“There is no question here that we do not have the ability to police and deal with perverts, deviants, child molesters. We can’t – it’s above the pay grade of the Rabbis.”
The programme also hears from members of a group of young Chardi men who are disillusioned with the failure of rabbis to deal with complaints of abuse. They don’t feel they can go to the police, but at the same time they clearly don’t believe the rabbis are capable of dealing with this situation properly. Instead these men tell Dispatches they started taken the law into their own hands by attacking alleged perpetrators.
Rabbi Padwa Response
At the beginning of our investigation we secretly filmed Rabbi Padwa – the leader of the Charedi Community in Stamford Hill –forbidding a victim of child sex abuse from going to the police.
We asked Rabbi Padwa to explain why he forbad a victim of child sex abuse from going to the police, and the Union of Orthodox Hebrew Congregations – the organization he heads, sent us this letter…
“The Jewish Community considers the safety and protection of our children as paramount.”
It says we have established “Robust structures to deal with child abuse”.
And that: “We work and will continue to work with police and social services...to build trust and to create a system which does address and resolve allegations of abuse within our community”.
The letter doesn’t answer any of our questions, and nor does it explain the actions of Rabbi Padwa - a man whose very role is to lead and counsel members of his community to do what's right.
The programme prompts public statements by several British rabbinical authorities – including Rabbi Padwa's organisation
On the eve the airing of the programme the Union of Orthodox Hebrew Congregations (UOHC) – the organization Rabbi Padwa heads – issued a statement which appears to be announcing the formation of a new child protection committee composed of people who have had child protection training, rabbis and educators. But the statement makes it clear that the ultimate decision on whether a family in the Charedi community tells the police about a claim of sexual abuse by a fellow Charedi, ultimately rests with this committee.
“The Orthodox Hebrew Congregations have a special Committee to deal with incidences of attacks of this kind on the children of our congregations. The members of the Committee consist of rabbis, educators and members of the community, among whom there are those who have been trained in the right way to tackle this. The rabbinate recognises five particular instances in which it is right and necessary to contact the Social Services and/or the Police. The Committee will consult with the rabbinate about the right way to deal with each incidence…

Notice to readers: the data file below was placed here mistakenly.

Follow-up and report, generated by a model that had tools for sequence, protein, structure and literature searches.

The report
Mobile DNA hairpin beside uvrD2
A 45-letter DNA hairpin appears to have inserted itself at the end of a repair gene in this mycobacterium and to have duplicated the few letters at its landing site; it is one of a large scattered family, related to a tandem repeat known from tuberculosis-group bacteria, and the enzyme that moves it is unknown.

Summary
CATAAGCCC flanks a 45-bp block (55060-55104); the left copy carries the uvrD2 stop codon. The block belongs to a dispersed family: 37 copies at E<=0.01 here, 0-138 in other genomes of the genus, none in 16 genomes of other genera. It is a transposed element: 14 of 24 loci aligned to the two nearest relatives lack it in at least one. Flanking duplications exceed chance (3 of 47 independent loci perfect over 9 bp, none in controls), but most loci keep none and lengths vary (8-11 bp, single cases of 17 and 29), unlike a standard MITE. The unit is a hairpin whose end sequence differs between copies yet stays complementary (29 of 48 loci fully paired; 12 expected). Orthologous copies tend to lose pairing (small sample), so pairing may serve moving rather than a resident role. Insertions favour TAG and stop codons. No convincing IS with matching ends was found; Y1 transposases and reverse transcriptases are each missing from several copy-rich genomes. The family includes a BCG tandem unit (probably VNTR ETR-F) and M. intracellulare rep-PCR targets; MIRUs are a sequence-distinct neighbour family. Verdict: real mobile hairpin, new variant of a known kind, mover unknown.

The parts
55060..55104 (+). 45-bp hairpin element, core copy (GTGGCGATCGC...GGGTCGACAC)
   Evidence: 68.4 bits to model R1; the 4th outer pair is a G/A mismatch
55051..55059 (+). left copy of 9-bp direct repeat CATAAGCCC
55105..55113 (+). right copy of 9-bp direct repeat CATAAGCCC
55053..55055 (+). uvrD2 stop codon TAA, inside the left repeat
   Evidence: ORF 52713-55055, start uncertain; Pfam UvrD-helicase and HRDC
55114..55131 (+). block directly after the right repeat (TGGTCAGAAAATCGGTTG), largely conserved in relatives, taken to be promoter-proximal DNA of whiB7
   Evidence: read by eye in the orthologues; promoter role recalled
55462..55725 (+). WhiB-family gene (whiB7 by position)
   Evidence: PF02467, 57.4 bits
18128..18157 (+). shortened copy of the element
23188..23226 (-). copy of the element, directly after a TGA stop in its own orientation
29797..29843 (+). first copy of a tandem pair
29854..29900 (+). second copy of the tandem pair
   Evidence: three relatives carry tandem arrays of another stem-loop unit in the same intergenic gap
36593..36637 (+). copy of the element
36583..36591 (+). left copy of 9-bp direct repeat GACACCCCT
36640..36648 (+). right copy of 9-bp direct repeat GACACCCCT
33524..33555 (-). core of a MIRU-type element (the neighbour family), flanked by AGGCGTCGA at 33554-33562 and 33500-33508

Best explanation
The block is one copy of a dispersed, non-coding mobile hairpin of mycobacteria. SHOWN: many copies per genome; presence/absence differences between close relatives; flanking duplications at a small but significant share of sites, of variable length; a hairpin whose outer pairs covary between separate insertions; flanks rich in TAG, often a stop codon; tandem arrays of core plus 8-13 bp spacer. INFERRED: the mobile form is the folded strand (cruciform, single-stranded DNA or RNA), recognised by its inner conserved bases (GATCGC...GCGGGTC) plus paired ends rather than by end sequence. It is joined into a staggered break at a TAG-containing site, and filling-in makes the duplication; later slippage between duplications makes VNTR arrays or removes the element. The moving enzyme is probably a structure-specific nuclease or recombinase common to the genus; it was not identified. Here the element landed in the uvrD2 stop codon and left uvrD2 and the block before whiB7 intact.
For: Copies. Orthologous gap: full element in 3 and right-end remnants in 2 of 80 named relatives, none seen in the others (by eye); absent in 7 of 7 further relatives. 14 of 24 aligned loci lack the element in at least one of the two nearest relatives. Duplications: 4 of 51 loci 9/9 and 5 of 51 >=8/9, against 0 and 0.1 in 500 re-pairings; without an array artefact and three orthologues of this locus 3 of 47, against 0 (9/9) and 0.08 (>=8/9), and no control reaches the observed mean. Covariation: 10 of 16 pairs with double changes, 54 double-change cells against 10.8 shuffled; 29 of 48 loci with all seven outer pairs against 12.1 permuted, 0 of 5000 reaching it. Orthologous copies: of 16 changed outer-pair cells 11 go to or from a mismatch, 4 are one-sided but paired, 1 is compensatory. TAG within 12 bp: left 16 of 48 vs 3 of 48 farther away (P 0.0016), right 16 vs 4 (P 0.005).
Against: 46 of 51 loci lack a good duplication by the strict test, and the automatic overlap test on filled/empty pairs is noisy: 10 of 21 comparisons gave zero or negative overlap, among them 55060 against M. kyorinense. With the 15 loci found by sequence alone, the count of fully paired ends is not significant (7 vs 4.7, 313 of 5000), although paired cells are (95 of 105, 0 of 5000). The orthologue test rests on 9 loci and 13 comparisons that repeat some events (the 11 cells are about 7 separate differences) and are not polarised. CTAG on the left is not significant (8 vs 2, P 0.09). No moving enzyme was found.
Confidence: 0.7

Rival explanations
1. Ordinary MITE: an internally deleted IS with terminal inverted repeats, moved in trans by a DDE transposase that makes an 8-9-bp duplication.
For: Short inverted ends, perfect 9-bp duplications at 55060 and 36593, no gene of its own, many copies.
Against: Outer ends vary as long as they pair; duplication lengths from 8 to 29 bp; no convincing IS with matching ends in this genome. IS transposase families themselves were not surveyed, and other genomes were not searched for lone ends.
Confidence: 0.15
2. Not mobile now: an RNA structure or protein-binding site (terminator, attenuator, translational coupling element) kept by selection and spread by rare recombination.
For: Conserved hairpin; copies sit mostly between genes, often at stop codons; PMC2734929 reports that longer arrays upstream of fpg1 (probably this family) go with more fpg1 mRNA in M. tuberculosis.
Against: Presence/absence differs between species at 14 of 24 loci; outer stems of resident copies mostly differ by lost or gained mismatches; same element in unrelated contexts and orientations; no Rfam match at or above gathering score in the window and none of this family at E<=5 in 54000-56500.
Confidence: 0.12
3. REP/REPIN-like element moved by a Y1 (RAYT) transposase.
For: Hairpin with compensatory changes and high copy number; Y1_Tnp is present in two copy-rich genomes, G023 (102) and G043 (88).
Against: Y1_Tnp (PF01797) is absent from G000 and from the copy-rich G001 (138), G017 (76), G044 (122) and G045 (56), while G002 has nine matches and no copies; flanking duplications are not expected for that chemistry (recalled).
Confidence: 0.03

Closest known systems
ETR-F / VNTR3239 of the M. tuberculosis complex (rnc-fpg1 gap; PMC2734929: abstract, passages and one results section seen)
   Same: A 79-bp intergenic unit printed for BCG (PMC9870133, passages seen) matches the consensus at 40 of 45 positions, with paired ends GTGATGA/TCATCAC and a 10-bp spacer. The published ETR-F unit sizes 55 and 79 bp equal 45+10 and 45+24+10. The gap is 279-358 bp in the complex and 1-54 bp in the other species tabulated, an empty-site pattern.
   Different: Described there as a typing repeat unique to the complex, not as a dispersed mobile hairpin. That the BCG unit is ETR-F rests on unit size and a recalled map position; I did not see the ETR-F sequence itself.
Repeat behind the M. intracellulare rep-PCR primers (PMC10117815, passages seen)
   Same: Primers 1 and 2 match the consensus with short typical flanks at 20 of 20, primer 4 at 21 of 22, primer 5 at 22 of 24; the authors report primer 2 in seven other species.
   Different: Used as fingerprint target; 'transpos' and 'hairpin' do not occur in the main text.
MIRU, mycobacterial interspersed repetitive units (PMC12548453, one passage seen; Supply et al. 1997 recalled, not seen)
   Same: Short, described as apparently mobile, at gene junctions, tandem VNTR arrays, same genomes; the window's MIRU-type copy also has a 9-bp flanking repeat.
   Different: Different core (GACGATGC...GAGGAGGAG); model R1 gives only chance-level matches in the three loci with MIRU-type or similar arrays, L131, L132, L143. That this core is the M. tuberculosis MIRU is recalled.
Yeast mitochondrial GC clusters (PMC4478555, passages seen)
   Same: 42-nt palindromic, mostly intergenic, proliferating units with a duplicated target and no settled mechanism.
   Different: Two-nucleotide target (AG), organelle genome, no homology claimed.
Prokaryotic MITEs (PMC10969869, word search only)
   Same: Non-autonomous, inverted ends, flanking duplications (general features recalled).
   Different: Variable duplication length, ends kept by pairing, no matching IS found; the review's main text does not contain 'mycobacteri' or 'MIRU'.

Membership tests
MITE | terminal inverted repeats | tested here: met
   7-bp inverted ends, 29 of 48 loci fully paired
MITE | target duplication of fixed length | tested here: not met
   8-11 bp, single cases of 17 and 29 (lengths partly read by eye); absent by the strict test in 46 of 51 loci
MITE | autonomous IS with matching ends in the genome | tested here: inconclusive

In any instance that is brought before any of the rabbis, educators or the directors of institutions where there is a fear for a child’s safety you are asked to bring the matter to the knowledge of the Committee which will deal with it according to the advice of the Rabbinical Court and according to the law of the land.”
But two other leading British rabbinical authorities have made public statements emphasising the importance of reporting allegations of child sexual abuse directly to the police.
Rabbi Yehuda Brodie, registrar of the Manchester Beth Din (which represents a broader spectrum of Orthodox Jewry) made the following comment to the Jewish Chronicle:
“We offer our strongest support for any victim of any criminal act to report matters to the authorities, including the police, as and where appropriate.”
The London Beth Din which represents just modern Orthodox Jews says:
“It is therefore essential that when abuse has occurred, the police must be informed without delay. Local communities should not attempt to deal with the situation internally. Delays in reporting abuse can cause vital evidence to be lost, allowing the abusers to continue violating our children. We must all ensure that the children of our communities will be protected by reporting abuse to the authorities wherever it takes place.”
Britain’s Hidden Child Abuse – Channel 4 Dispatches Special – Wednesday 30th January at 10.30pm
Please see terms and conditions when taking embeds. All clips must include the appropriate transmission credit.